On average, sex lasts for around 5.4 minutes, which means that people thrust between 19 and 100 times a minute.

The researchers, led by Benjamin Cooper, also asked 33 adults whether they liked to use condoms during sex and if they preferred the self-lubricating alternative’s slippery consistency.

Some 70 percent rated the new condom as ‘much’ or ‘very much’ more slippery than standard ones. 

‘It feels a bit slimy when you handle it dry, but in the presence of water or natural fluids it becomes really slick,’ Professor Mark Grinstaff said.

‘You only need a little bit of fluid to activate it.’

And up to 100 percent of the participants claimed a self-lubricating condom is preferable over existing brands.

Fifty-five percent even said it would make them consider upping their condom use. 

The study was published in the Royal Society Open Science journal. 

Studies investigating how well the self-lubricating condom performs against other brands could begin as early as next year, according to the researchers. 

A spin-off company from the university is planning to develop a product for the market. It is unclear when it may be available.  

Latex condoms are highly effective at preventing pregnancies and STI transmission.

However, the friction they cause during intercourse can be painful, with 77 percent of men and 40 percent of women claiming condoms make sex less pleasurable.

‘Microtrauma’ to the vagina caused by condom friction can also increase the risk of STI transmission if they split. 

‘Condom-associated discomfort is a common ‘turn-off’and a highly cited reason for persuading one’s partner to forgo using condoms, so many individuals choose to use lubricants to decrease this discomfort,’ the researchers wrote.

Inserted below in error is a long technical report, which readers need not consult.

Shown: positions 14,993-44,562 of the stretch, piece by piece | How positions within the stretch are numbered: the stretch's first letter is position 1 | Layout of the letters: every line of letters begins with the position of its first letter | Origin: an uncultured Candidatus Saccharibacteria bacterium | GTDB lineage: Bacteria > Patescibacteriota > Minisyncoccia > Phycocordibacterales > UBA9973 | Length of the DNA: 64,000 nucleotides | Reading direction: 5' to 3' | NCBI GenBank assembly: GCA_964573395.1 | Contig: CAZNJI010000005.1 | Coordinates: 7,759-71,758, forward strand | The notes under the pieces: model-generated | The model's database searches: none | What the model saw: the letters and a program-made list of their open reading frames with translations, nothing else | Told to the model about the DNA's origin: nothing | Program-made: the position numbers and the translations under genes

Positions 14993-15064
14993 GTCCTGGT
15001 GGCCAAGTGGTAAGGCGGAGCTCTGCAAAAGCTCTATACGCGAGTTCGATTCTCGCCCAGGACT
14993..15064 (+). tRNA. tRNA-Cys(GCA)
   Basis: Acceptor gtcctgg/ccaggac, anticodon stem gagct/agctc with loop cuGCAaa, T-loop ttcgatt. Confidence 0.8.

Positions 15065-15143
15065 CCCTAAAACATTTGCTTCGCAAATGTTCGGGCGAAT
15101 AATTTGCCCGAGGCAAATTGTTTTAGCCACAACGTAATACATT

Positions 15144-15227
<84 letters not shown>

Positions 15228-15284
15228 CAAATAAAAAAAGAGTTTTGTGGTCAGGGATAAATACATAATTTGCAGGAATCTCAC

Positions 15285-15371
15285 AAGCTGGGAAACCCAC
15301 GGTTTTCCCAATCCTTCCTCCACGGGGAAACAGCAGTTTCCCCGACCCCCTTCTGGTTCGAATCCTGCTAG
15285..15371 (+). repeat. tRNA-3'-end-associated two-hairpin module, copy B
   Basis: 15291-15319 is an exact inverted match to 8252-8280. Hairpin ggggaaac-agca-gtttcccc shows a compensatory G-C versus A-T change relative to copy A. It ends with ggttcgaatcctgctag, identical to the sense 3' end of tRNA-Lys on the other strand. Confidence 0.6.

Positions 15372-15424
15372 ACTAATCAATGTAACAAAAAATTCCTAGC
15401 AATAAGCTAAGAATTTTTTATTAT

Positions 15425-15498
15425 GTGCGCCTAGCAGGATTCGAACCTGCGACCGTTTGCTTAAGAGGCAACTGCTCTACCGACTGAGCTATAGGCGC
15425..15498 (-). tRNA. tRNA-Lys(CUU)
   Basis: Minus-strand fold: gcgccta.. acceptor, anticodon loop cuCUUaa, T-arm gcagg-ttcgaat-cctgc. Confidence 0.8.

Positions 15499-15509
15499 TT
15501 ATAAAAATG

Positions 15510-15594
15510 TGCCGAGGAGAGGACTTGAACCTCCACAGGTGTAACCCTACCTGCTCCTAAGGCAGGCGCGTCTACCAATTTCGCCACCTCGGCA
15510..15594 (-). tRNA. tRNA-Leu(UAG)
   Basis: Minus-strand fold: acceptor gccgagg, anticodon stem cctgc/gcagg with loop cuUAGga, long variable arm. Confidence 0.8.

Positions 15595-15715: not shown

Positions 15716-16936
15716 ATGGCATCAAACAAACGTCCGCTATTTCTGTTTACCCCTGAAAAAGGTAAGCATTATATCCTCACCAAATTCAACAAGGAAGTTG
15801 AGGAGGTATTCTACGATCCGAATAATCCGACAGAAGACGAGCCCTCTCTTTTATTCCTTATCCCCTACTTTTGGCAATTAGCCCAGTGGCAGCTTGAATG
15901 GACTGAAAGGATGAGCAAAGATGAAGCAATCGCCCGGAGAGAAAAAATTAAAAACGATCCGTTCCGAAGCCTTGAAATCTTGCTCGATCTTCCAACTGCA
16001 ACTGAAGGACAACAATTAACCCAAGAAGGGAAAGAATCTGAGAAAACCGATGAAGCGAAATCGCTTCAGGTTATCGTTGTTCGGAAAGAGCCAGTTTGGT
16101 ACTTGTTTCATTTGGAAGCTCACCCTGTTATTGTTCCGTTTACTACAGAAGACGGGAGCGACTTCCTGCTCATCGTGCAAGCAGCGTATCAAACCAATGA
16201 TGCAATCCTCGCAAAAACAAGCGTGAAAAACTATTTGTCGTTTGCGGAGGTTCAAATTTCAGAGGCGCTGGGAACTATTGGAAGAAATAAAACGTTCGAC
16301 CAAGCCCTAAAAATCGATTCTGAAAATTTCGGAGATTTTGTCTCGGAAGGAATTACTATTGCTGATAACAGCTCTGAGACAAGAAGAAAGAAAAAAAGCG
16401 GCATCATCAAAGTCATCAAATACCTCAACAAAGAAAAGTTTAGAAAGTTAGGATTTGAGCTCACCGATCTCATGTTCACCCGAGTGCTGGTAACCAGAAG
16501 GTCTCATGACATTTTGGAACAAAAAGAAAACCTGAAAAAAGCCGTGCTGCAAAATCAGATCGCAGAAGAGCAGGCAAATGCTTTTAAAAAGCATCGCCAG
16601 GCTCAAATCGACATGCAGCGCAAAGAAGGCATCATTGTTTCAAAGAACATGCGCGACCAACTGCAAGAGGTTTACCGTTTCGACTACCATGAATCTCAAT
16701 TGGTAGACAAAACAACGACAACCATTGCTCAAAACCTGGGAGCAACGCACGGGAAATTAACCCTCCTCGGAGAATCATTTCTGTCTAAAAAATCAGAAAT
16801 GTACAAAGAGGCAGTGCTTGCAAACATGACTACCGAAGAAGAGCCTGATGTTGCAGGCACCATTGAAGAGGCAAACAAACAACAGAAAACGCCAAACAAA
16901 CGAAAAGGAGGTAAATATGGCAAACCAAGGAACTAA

Up to 66 percent of couples believe lubricants make sex better by reducing friction, which also helps intercourse last longer.

Lubricants can also prevent condoms slipping and breaking. 

However, existing lubes often get absorbed into a woman’s vaginal tissues, meaning they may have to be reapplied during sex.

Bekki Burbidge, from the sexual health charity FPA, told the BBC: ‘We welcome new innovations to encourage condom use. 

‘Condoms are the only method of contraception that also help to protect against STIs, so it’s important that people feel confident and comfortable using them.

‘Lubrication can make sex more comfortable and enjoyable so we encourage people to try out different water-based lubricants as well as different sizes, shapes and textures of condoms to find out what suits them and enhances their sexual pleasure.


Standard latex condoms are coated in a substance, known as HEA/BP and PVP, which becomes slippery when it comes into contact with water.

Water is a key component of bodily fluids, such as those found in the vagina.

When this condom is then exposed to light to ‘cure’, strong chemical bonds form between the contraception and its substance coating.

These bonds are hard to break and allow the condom to remain lubricated for up to 1,000 intercourse ‘thrusts’. 

The scientists took a latex condom, which they coated with a thin layer of a substance (HEA/BP and PVP) that becomes slippery when it touches water. The condom was then exposed to light, which caused strong chemical bonds to form between the substance layer and the condom